Punishment in Classrooms with Young Learners
Discipline issues are common in every class. Nonetheless due to their curious nature, active imagination, and short attention span it might sometimes feel as if children- in particular, enjoy misbehaving in a class. Thus, some cultures as well as some individual teachers promote punishing any problematic behavior. However, in my personal opinion punishment is not an appropriate action to teach discipline in a classroom or even its general meaning. In this essay, I am going to present four major drawbacks of punishing children in a teaching-learning environment.
This post was written by our TEFL certification graduate Shoshrin S. Please note that this blog post might not necessarily represent the beliefs or opinions of ITTT.
First of all punishing, a child damages the rapport of the teacher in front of their pupil. When a child is punished, they might stop seeing the teacher as someone who is there to help them. Instead, they may think that a teacher is someone who is there to harm or humiliate them. Therefore punishing a child due to their behaviors or errors may lead them towards being mistrustful of educators rather than reaching out to them to learn and improve themselves.
A child who lacks confidence and trust in educators may additionally end up becoming discouraged about the entire teaching-learning process for a long period in their life. When a child is punished in a place that is supposed to teach them valuable skills, the learning process might become equated with humiliation or harm. Thus the joy that children find in learning about new things can get lost, which might in turn lead a child to want to separate themselves from the process of learning all together in its entirety.
Additionally, if we were to promote the practice of punishing children with troublesome attitudes, then we might risk singling out one or a few students while other students who perform well in class are praised. Such behavior from the teacher or an institute such as a school can potentially instill a doubtful approach towards friends and classmates in a child. Such a restrained approach towards one’s cooperative circle will lead them away from teamwork and cooperation. Hence, we might risk pushing a child away from improvement through cooperation and learning with peers, even if our initial intent for using punishment might have been to push the child to improve themselves and their academic performance.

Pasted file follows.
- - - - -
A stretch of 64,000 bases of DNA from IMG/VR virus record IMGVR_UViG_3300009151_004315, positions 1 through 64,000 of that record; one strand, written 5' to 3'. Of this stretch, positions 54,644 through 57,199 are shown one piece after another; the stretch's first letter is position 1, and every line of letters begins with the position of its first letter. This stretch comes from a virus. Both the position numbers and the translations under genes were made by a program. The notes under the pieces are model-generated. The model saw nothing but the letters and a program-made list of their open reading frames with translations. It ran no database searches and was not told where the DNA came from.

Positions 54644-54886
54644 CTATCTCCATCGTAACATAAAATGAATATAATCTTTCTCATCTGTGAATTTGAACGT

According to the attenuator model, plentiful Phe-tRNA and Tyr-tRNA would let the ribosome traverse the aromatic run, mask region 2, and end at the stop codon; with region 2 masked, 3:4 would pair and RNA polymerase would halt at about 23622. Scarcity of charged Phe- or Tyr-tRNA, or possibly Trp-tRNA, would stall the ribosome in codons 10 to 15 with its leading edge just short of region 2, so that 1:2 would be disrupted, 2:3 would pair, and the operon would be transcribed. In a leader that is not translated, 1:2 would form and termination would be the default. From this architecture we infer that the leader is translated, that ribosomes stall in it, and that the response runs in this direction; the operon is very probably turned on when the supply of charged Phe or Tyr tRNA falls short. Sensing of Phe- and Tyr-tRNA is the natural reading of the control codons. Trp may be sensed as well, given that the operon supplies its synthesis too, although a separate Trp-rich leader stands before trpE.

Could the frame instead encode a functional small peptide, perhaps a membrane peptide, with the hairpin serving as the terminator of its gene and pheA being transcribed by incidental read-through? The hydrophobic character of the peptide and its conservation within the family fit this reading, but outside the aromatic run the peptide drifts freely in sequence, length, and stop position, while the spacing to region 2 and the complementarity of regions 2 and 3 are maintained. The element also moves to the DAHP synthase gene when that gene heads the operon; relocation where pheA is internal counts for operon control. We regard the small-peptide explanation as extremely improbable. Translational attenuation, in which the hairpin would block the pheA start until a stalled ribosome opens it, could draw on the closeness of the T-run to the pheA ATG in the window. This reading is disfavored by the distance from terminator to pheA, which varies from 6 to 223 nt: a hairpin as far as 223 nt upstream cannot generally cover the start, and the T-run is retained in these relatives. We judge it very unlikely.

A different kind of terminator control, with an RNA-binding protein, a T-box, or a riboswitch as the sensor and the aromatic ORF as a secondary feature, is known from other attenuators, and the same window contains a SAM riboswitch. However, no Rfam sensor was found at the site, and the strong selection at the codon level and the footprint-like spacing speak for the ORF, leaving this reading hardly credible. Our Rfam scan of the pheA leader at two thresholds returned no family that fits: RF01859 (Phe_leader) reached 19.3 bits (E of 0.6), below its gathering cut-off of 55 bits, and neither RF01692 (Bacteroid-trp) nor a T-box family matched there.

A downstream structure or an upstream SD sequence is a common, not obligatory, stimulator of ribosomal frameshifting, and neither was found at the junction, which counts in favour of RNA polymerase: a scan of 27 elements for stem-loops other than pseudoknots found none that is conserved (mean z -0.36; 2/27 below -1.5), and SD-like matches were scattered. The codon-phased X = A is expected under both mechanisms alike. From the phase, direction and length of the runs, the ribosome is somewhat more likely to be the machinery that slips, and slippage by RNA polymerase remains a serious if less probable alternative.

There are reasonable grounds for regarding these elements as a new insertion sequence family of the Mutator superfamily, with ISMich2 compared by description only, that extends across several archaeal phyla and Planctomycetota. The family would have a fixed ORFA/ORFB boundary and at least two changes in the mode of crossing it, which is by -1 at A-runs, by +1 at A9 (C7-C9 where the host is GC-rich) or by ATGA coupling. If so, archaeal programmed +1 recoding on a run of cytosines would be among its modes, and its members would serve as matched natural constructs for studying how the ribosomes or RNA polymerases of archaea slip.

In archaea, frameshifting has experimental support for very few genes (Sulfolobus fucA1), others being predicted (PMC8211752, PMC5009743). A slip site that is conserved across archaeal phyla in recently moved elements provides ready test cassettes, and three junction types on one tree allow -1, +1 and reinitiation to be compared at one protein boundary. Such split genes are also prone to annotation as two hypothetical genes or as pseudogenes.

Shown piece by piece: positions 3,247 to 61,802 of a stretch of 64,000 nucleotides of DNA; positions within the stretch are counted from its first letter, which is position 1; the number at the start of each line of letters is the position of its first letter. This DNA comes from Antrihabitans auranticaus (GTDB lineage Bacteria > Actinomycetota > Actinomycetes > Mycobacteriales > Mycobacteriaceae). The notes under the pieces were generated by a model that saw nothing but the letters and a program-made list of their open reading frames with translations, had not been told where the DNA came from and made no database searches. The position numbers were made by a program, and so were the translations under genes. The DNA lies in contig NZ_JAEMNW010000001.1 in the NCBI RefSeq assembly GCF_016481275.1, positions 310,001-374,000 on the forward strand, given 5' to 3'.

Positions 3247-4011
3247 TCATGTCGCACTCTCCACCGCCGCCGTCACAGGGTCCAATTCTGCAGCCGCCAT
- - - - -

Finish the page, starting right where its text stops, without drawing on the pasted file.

Furthermore, when a child faces severe punishment or is punished a lot they may not only distance themselves from teachers, schools, and friends but also from their own family too. Such a draw towards isolation can harm a child psychologically as well. A child might become depressed, show resentment towards people around them, display violent behaviors in an attempt to avert punishment by reflecting the act of punishment itself, and so on. Such psychological troubles can be harmful to the child for the rest of their life and not just to their immediate academic performance. Thereby damaging any potential they had to contribute to society and the world as a whole.
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To conclude, I believe that there will be times in a teacher’s career, where punishment might seem to be a viable option for them to use as a tool to teach discipline, yet in many cases, punishment may cause further problems than solving the problem at hand. People generally do not perceive punishment positively, and it is especially so in the case of children, thus punishment is more likely to discourage a child than encourage them. Therefore, in my opinion, it is not advisable for teachers to punish a child in any case and they should not even think about it if they are teaching a mixed-age class. There are other options available to teachers to enforce discipline and correct erroneous behaviors other than punishment, so they should stay as far from it as possible.
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